Monday, June 24, 2013

Archaic magazine title terms are too "fancy" for me


Two of the strangest survivors of an earlier era in speaking and publishing are Cat Fancy and Dog Fancy magazines.
  • In the 1880s, a thirsty cowboy might stroll into a saloon and say "I'd fancy a sarsaparilla" (pronounced "sasperilla").
  • In the 1970s I attended an "invention expo" at the New York Colosseum. The inventor of a weird hi-fi gadget gave me a business card that identified him as a "fancier in audio sound."
Well, fancy that!

Obviously he was not a fancier in the removal of redundancies.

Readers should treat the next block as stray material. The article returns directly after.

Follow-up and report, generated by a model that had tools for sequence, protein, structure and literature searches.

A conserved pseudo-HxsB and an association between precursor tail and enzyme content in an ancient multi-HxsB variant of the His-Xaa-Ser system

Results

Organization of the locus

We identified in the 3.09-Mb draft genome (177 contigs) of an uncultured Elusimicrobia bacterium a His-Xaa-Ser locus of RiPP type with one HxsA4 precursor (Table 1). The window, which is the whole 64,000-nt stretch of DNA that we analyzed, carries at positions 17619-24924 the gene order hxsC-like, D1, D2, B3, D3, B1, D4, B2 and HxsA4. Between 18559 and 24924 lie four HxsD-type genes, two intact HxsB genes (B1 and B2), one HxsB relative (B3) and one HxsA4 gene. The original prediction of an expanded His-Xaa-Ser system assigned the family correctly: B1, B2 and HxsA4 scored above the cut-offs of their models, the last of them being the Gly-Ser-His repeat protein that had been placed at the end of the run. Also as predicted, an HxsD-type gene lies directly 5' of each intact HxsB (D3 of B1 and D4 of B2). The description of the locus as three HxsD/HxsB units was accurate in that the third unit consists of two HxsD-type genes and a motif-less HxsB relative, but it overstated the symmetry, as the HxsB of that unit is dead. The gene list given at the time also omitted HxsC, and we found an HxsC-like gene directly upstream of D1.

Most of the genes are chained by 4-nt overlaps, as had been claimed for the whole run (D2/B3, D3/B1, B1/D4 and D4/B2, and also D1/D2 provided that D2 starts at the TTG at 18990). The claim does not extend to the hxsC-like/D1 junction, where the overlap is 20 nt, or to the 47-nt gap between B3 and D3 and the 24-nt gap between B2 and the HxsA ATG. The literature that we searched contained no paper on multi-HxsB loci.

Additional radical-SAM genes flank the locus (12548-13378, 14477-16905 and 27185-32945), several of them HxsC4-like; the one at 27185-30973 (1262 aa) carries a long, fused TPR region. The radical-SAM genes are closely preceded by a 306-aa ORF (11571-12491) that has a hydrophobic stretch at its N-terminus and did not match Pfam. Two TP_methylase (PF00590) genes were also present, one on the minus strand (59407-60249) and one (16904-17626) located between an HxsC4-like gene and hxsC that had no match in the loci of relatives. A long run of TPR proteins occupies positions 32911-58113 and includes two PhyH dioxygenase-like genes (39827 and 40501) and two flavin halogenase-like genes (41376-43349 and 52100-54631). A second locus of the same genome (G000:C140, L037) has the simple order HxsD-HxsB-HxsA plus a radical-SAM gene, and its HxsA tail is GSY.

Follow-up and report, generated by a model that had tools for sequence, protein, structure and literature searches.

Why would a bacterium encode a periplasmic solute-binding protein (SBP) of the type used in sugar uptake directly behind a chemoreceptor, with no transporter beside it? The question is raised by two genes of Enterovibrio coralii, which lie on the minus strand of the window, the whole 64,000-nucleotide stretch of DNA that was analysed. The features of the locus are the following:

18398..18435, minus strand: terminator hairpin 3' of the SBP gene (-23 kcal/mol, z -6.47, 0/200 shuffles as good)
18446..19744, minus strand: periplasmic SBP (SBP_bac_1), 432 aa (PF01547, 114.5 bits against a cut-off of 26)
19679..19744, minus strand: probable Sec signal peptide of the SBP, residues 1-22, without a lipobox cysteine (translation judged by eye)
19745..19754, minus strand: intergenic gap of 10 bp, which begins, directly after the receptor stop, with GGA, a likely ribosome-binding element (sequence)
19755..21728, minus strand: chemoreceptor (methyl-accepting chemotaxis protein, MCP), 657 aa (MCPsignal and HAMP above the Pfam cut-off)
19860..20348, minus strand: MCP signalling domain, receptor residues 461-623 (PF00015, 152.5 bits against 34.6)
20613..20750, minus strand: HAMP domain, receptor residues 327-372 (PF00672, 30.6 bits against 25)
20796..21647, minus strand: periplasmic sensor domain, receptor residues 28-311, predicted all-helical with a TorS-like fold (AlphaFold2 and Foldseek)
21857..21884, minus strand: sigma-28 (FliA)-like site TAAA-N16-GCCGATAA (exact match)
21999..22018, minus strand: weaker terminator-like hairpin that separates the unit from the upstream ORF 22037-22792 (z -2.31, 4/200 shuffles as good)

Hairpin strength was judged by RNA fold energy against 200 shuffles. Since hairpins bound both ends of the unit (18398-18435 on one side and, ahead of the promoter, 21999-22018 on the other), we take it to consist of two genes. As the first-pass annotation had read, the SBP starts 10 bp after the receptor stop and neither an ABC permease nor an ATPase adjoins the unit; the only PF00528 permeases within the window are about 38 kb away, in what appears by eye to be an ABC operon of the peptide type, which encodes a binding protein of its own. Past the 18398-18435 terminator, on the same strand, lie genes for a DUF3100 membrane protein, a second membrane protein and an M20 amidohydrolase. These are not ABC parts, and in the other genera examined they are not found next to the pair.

In the 21st century, does anyone fancy anything? Is this usage officially dead? 



When I was a teenager, I subscribed to Popular Science, Popular Mechanics, Popular Photography, Popular Electronics and many similar mags. 



Some publishing competitors favored the "Illustrated" term. I subscribed to Electronics Illustrated, Mechanix Illustrated and Sports Cars Illustrated (which later became Car and Driver). Apparently, 50 years ago it was important to point out that a magazine contained pictures.

Some magazine publishers thought it was important to include "magazine" or "monthly" in their titles. I thought it would be fun to publish Popular Illustrated Monthly Magazine.


Few print magazines are started now, but if one was, would it be called "Popular" anything?

People are popular, but People magazine doesn't have to be called Popular People. Politics is/are very popular. But instead of Popular Politics, we have HuffPost and Mother Jones.

Fancy that!

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